Easier said than done. It’s not a revolutionary idea, and surely one of his four other teams since the Pistons has applied the same logic, but perhaps Boston is the best place to see that to fruition. After all, he’s been in the league for eight NBA seasons. We can all agree he’ll never be Carmelo Anthony, Chris Bosh or Dwyane Wade.
Forget his past. He’s not an utter failure, as Detroit perceived him to be when he never played more than 6.9 minutes per game in two-plus seasons for the Pistons. And he’s not a starting center, as lottery teams like the Grizzlies and Timberwolves have forced him to be for much of the past five years. Focus on his future. He’s a backup for an Eastern Conference contender, in Kevin Garnett’s shadow, and that’s not such a bad place to be.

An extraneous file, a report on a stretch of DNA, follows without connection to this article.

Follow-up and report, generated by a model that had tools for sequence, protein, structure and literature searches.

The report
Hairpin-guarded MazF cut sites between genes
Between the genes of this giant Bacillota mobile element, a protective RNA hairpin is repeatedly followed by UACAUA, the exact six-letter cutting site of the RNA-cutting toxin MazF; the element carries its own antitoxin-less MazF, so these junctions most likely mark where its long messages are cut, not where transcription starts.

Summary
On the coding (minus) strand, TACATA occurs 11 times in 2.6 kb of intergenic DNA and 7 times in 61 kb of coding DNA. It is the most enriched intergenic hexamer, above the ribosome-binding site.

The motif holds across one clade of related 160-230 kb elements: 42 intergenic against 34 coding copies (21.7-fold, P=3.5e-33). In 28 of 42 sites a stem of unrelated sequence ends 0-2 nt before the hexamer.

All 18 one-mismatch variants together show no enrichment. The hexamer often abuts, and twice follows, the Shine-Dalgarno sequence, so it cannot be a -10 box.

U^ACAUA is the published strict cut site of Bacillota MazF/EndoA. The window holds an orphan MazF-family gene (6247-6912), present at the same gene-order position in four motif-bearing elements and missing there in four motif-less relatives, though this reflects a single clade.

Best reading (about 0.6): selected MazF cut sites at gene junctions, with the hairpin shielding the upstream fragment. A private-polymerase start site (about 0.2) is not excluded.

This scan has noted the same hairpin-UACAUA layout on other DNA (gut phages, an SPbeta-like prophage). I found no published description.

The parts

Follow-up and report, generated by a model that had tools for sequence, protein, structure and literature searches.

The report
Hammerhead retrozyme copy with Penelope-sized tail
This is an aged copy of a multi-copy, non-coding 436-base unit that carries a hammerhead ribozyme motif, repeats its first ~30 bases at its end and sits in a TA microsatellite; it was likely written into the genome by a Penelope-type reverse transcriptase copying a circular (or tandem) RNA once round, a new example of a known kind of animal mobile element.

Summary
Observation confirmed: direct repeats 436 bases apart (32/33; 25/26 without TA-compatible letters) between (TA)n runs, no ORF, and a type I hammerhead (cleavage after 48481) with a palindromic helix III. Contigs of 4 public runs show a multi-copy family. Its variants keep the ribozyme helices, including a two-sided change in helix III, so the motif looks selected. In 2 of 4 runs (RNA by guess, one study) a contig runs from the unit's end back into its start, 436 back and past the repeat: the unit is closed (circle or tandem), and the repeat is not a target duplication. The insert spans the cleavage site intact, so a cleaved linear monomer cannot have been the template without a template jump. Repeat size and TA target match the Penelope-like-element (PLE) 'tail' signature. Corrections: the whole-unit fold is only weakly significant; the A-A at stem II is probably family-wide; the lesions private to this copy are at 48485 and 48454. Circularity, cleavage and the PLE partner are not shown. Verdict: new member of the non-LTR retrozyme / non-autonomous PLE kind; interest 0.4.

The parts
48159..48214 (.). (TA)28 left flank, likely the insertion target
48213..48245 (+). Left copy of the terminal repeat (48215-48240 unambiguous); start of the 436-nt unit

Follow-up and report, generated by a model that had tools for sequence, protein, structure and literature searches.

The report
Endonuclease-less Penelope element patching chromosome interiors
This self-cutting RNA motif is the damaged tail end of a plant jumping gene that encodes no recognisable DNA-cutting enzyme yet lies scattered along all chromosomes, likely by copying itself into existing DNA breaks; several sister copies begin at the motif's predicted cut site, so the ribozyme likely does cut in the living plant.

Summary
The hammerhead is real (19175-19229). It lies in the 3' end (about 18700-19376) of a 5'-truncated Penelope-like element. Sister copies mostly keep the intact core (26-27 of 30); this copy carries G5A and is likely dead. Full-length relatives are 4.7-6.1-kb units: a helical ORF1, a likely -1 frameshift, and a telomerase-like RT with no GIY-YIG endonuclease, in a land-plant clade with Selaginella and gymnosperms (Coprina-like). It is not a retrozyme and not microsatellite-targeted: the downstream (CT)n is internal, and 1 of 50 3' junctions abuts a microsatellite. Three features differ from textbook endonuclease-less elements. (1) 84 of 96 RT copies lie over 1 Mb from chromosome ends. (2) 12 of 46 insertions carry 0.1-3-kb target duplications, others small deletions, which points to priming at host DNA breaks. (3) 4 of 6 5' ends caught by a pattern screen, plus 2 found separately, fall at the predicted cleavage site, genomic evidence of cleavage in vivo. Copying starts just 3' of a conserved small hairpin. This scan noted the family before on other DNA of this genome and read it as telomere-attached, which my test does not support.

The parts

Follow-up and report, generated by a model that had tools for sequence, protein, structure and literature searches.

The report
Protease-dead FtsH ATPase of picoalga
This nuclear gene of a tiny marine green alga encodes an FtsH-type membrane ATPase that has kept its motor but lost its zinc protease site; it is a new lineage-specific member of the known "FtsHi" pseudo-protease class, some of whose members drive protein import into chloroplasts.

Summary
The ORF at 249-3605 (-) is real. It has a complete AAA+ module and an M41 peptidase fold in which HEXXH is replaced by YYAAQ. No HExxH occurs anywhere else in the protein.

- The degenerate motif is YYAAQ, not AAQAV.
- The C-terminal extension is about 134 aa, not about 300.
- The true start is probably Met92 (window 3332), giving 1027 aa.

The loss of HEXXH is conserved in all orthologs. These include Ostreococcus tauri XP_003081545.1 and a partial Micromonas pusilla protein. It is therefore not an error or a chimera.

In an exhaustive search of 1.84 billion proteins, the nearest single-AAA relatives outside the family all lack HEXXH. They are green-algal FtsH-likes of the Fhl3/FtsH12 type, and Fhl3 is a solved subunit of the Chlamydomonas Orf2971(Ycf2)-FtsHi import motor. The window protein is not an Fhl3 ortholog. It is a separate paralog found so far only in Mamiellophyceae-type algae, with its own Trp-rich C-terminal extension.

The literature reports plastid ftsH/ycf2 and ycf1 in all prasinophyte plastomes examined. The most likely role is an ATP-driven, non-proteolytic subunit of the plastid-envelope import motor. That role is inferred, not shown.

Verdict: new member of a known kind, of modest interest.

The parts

“I think it’s a great opportunity for him,” Ainge added. “He did not have a good year last year in Minnesota, and he had a good year the year before. At this time last year, he was unavailable. He was a guy you couldn’t get, coming off a good year the previous year. He’s 27 years old, he’s healthy, he’s big and strong, and we need size.”
If that doesn’t work, the Celtics will roll out Wilcox, Collins and Melo behind Garnett, and hope one of them sticks. Same as they’ve done the previous three seasons with guys like Stiemsma, “the O’Neal brothers,” Krstic, Ryan Hollins, JaJuan Johnson, Sean Williams, Semih Erden, Troy Murphy, Chris Johnson, Rasheed Wallace, Brian Scalabrine and Shelden Williams. You know, those 7-footers who have thrived so much in the C’s system.
“This is my best opportunity to win an NBA championship,” said Collins, who showed up “in phenomenal shape,” according to Rivers. “We have a lot of depth on this team — a lot of guys who could be playing a lot of big minutes someplace else — and we’re all buying in and sacrificing and trying to win a title.”
Just because the Celtics say it every year doesn’t make it true, but maybe Darko makes this season different.